That is not too bad - they'll probably not deploy army to crush celebrations after all.

By the way - there is a great democratic potential in play: http://www.psychologytoday.com/blog/freedom-learn/201105/how...

Why are you anything but a 100% supporter of democratic self-governance?

One reasonable train of thought is, that in a country containing a mix of several cultures with sharp divides, democracy will make 2nd-class citizens out of somebody - the tyranny of the majority will seriously rule.

There are many forms of citizen-participatory government possible. A republic for instance (what you meant when you said democracy?) can have houses formed in a variety of ways to insure minorities are heard.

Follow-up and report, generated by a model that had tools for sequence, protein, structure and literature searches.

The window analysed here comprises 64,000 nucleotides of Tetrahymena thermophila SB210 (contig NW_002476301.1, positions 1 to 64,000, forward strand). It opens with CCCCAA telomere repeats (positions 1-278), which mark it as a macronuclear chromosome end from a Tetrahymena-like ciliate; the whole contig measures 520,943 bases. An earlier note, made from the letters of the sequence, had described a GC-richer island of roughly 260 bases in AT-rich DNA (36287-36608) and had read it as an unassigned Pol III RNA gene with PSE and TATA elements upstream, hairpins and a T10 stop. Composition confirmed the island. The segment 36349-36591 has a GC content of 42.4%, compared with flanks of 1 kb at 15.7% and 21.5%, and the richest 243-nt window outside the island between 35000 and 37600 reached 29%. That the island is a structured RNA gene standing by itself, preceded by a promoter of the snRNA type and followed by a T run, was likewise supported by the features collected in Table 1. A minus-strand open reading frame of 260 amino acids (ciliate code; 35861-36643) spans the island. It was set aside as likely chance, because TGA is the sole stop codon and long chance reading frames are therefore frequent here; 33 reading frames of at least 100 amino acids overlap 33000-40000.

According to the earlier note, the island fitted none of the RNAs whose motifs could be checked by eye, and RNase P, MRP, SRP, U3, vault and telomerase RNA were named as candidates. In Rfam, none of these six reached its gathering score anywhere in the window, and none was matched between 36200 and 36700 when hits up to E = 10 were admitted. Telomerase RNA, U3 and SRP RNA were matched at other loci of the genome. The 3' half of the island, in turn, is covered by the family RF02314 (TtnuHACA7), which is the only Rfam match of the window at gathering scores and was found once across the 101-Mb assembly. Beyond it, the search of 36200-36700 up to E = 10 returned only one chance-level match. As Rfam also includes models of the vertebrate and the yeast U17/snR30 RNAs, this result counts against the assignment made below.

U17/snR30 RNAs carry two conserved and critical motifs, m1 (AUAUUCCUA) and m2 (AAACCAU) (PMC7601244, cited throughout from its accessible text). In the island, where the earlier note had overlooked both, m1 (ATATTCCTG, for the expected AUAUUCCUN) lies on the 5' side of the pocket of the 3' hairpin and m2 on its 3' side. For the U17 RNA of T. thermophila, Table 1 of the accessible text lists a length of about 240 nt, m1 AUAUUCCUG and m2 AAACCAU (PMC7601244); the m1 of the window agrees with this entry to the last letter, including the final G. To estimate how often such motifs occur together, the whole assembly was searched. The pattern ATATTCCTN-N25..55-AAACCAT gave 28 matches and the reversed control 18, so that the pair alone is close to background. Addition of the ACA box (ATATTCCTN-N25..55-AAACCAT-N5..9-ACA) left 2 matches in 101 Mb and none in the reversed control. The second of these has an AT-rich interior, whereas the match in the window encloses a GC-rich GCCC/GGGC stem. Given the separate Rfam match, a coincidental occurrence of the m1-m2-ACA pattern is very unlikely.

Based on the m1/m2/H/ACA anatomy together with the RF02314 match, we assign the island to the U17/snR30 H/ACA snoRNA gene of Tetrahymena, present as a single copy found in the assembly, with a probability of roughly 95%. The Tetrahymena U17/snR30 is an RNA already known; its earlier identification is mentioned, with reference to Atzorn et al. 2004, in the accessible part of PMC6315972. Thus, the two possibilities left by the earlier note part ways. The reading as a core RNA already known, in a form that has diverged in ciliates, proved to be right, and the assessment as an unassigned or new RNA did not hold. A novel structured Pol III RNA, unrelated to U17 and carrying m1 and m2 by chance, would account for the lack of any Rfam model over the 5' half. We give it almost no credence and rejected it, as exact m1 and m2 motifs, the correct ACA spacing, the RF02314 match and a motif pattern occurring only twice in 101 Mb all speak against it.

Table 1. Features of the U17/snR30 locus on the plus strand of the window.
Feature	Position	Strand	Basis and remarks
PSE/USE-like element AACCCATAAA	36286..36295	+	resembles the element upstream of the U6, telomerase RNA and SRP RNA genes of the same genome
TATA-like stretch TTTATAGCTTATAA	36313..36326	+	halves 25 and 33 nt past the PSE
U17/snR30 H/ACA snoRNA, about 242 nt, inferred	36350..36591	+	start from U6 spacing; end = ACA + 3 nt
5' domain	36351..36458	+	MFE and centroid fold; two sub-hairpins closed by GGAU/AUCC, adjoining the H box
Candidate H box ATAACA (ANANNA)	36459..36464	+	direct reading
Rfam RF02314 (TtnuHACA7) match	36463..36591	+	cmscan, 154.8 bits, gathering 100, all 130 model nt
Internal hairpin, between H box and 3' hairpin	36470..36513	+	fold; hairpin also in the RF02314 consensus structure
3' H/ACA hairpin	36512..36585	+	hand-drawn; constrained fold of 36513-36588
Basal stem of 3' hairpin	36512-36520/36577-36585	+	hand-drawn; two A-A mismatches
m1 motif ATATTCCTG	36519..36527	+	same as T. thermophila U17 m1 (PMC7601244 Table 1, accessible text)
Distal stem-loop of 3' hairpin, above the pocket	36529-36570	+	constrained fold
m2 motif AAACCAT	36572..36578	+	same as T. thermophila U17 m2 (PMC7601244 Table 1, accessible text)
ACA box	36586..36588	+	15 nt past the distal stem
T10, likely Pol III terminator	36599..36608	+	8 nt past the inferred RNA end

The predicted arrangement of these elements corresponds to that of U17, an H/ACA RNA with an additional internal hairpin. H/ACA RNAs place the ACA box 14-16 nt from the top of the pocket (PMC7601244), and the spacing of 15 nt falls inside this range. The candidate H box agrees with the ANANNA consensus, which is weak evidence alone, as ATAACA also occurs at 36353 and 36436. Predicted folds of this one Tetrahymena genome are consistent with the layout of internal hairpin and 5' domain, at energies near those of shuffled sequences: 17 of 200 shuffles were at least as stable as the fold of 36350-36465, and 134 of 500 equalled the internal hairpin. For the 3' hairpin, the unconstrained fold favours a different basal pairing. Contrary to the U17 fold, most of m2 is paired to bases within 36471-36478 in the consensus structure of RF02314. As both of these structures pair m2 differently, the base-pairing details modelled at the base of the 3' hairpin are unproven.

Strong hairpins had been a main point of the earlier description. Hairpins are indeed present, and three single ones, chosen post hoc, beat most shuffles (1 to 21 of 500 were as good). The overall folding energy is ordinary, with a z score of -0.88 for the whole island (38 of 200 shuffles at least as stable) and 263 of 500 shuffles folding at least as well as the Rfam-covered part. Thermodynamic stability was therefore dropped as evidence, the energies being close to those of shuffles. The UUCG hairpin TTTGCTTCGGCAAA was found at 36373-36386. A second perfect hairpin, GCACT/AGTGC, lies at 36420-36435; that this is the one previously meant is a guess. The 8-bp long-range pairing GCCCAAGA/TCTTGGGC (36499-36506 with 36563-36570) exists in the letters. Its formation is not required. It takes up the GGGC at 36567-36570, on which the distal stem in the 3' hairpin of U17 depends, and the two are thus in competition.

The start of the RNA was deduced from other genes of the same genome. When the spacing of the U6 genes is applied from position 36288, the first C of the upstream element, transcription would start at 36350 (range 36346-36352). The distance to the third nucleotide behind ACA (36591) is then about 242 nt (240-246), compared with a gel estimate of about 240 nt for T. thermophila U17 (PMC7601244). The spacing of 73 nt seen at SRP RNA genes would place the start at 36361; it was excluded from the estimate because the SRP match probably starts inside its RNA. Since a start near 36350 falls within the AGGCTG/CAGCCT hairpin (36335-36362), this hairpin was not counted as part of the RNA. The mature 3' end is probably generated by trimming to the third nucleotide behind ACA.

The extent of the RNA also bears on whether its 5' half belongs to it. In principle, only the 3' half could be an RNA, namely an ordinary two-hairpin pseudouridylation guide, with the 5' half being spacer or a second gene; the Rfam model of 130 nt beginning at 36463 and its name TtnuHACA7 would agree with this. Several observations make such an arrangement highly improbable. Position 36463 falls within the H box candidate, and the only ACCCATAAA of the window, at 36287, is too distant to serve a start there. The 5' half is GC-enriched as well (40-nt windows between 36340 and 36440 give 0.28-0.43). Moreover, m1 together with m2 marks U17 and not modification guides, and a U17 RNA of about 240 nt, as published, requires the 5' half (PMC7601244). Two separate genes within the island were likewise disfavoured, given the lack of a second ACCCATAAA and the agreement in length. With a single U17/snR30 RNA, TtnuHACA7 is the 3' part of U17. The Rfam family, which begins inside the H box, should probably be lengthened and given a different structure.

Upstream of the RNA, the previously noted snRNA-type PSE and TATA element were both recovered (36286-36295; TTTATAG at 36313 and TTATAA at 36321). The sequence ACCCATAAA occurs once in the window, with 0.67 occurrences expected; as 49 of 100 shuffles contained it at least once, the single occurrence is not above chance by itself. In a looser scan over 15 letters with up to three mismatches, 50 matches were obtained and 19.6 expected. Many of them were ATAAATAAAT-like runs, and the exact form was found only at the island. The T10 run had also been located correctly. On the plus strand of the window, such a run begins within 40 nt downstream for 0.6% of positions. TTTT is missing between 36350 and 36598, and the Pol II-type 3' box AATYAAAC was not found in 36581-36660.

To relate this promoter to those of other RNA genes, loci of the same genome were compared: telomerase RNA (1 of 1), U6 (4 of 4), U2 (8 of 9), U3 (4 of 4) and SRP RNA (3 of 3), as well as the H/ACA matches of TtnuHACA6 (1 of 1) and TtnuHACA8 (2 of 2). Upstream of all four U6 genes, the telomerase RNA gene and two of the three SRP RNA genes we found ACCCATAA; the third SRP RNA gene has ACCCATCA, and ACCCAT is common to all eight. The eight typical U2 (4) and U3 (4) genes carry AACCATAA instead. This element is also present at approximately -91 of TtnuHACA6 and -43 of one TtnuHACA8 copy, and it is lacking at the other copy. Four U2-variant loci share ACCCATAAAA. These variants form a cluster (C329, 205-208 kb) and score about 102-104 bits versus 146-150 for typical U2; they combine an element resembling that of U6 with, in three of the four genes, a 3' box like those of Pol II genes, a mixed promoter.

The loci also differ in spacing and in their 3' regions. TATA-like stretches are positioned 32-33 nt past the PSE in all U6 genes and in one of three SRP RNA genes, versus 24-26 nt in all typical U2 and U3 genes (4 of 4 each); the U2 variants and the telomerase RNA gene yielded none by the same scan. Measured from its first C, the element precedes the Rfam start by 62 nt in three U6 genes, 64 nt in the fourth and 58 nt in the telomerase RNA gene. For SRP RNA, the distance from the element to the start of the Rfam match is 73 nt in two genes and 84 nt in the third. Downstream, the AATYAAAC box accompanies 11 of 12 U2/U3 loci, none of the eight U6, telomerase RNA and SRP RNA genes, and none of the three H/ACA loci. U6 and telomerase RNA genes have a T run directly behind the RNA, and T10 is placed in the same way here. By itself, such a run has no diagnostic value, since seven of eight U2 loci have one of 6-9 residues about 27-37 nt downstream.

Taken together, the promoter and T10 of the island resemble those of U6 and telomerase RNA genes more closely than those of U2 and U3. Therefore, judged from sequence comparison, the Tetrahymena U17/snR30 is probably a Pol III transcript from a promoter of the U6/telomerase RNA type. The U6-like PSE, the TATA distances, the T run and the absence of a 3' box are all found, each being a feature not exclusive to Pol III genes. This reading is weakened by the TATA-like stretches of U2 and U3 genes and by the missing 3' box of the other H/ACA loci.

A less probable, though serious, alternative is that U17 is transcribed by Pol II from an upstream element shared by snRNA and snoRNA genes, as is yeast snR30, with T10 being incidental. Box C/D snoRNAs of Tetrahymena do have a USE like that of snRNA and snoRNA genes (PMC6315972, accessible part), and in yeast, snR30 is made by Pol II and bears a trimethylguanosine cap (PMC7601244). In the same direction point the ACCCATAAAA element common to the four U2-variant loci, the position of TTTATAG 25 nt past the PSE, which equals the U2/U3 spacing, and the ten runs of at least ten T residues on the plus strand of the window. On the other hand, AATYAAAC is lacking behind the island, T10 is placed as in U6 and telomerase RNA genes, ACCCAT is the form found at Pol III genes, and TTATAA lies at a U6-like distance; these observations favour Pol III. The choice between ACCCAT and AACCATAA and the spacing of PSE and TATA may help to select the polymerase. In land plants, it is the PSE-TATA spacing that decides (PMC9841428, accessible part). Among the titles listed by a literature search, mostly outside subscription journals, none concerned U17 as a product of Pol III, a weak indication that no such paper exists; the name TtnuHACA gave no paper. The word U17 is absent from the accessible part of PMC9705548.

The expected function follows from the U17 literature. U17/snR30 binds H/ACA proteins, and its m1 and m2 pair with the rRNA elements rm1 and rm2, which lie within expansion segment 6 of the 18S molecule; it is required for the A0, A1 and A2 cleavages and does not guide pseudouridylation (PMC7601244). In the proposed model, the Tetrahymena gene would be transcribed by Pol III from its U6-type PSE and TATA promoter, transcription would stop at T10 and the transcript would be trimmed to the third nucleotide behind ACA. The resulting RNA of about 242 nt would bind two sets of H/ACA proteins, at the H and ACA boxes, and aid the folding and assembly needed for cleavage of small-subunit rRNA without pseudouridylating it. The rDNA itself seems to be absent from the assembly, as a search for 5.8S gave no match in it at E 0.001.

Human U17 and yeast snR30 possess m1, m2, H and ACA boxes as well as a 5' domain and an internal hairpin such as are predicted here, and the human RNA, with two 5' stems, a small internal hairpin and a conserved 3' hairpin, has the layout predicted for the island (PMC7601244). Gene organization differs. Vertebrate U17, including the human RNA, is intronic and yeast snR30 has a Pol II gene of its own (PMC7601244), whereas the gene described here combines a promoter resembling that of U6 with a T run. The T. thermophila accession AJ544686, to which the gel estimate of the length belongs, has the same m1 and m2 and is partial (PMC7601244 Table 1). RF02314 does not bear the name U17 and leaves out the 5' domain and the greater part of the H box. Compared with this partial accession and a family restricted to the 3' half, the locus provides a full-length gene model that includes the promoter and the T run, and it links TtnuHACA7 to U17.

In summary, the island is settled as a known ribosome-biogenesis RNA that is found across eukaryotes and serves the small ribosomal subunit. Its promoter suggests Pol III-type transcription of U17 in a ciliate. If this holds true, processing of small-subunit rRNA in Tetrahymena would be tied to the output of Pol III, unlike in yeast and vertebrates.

Hongkonger here also (now going to out to see the latest situation)

For those who want a TLDR: http://www.vox.com/2014/9/28/6856663/hong-kong-democracy-pro...

Lot of protesters are just TEENAGERS/STUDENTS who want a peaceful protest , and the crazy police are fully armed and used countless tear gas on them.

This is going to be one of the largest events in HK history.

> Lot of protesters are just TEENAGERS/STUDENTS who want a peaceful protest , and the crazy police are fully armed and used countless tear gas on them.

The police must have taken a page from the Ferguson, MO playbook... Or maybe just Occupy Wall St....

Re Ferguson - I hope they didn't take a page from what was clearly one of the most inept police actions in recent history...one would think they were smarter than that.